When did the pandemic really begin? The answer is technically March 11, 2020, but for many, it probably began to feel real when it affected their entertainment. For some, it was when those first troubling news reports came out of China. For others, it was when Coachella, Osheaga, SXSW and so many other venues suspended, then later cancelled their shows for the year. For many, myself included, it was when the NBA, NHL, IOC, NCAA, and many other leagues suspended further operations. The pandemic placed an undeniably oppressive scarcity on entertainment. Regardless of what you take interest in, COVID almost definitely found a way to absolutely ruin it for you. For many, that was sports, both as a viewer and a participant. Not only could you not indulge in a round of hockey, tennis, or soccer, you couldn’t even watch others do it. Something essential not only to our entertainment industry, but also to our basic social interaction, was gone.
With the gradual, cautious re-opening of sporting events came a much-appreciated escape from day-to-day drudgery. Professional athletes held, for a time, an even more tremendous status in the eyes of the public. They were more than just our favourite players, they were our avatars. They were running, jumping expressions of our collective desire to move once again. Not only that, athletes became socially and politically involved in ways we had never seen before, as protestors, boycotters, and advocates. We held their efforts in high regard, especially under the circumstances, applauded their professionalism, and appreciated the potential sacrifices they made to their safety.
The same cannot be said for the amount of recognition paid to the stadium vendors, team staff, and workers who made the whole thing possible. When league and international play were suspended and casual athletics were placed on hold, thousands of rank and file workers were left without work and without a plan. In the US, an estimated 1.3 million jobs in sports were impacted by the shutdown. The actual number was most likely much greater because jobs that are directly impacted by the hosting of public sports events go beyond those who work directly in the field, encompassing work in media, catering, and an array of other fields.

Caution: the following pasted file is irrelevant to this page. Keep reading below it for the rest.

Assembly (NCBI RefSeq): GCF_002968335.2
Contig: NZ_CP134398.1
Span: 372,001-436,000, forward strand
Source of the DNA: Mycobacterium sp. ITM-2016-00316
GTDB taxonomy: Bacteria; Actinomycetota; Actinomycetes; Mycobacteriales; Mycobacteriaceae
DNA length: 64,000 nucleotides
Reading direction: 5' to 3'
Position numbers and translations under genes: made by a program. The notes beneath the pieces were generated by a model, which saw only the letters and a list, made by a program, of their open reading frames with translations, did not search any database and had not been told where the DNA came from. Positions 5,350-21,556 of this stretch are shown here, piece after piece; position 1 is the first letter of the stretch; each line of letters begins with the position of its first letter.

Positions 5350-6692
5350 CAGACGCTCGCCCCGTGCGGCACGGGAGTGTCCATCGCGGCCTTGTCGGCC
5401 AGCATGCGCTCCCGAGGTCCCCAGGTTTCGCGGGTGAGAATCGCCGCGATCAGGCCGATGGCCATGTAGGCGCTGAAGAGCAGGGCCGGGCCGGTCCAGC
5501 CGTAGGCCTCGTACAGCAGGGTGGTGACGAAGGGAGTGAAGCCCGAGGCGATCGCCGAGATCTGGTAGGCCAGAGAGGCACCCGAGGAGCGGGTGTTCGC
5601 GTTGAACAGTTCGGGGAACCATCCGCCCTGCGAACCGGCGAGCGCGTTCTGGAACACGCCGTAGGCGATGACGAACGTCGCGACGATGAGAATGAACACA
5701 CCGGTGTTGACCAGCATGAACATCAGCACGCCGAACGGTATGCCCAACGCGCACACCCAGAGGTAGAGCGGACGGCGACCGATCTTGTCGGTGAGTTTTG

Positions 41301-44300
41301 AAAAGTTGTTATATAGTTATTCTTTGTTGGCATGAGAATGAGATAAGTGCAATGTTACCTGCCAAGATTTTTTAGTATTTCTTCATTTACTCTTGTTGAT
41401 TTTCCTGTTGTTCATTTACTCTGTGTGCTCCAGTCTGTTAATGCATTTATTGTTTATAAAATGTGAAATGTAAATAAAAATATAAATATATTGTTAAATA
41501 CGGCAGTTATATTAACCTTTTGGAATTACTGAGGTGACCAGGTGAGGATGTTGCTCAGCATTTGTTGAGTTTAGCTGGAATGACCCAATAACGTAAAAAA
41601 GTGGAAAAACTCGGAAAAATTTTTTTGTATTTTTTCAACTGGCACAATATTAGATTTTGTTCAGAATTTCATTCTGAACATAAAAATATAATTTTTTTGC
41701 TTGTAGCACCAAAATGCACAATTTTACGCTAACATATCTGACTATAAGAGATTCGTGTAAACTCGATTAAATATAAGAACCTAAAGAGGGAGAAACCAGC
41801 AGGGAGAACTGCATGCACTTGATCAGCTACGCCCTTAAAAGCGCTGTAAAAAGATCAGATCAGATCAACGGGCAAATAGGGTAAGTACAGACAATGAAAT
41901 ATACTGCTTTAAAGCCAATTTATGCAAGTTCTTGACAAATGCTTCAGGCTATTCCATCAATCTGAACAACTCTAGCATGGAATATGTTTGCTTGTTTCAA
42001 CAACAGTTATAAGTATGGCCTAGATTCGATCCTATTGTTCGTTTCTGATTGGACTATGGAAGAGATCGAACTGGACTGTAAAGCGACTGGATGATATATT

Many teams pledged to take care of their workers and staff, with arenas like the Staples Center, Wells Fargo Center, and United Center publicizing plans to provide comprehensive compensation to their regular staff. These promises were ultimately either not kept or underdelivered in the wake of a massive economic upheaval; many third-party contractors and associated workers received virtually nothing.
While the resumption of play naturally allowed athletes to resume their role as the faces of the industry, the effort was entirely collective. Much was made of the mental and emotional stress that athletes were being made to play under, and for good reason. The circumstances were truly difficult and they still found it in themselves to deliver a quality product that brought a lot of people comfort while minimizing the potential for spread– they earned that praise. Comparatively little was said of the impact, needs, or concerns of the essential workers that made it all happen. Often, they endured the same tight protocols and regulations as players for a fraction of the compensation. When athletes across the sports world took a stand against police brutality, league employees were right behind them. This has been, and always will be, a collaborative effort.
As we begin our slow return to something resembling the status quo in the sports world and the entertainment industry in general, there is a lot to be happy about. Regardless of how you feel about the prospect of fans being back in arenas, it will certainly inject some of the missing energy back into events. As time goes on and more are vaccinated, we will almost certainly see a return to high-capacity events and games. In many ways, sports should remain essentially the same. Athletes will always be the public-facing figureheads of their leagues, just as actors will always be the face of TV and movies, or performers the face of music.
Staffers will go on as they always have– the quiet, necessary components of everyday operation. Since the beginning of play resumption up to now, just as important as the athletes who draw us in are those whose job it is to deliver the product as smoothly as possible. Through their sacrifices, hard work, and careful planning over the last year, we were all given the opportunity to tune into quality programming and free our minds, if only for a short while. But now, as we look to enter a new-but-familiar chapter, it is important to avoid the tendency to allow ourselves to be distracted. Recognition and proper compensation for labour must always be at the forefront of our minds, even in sports.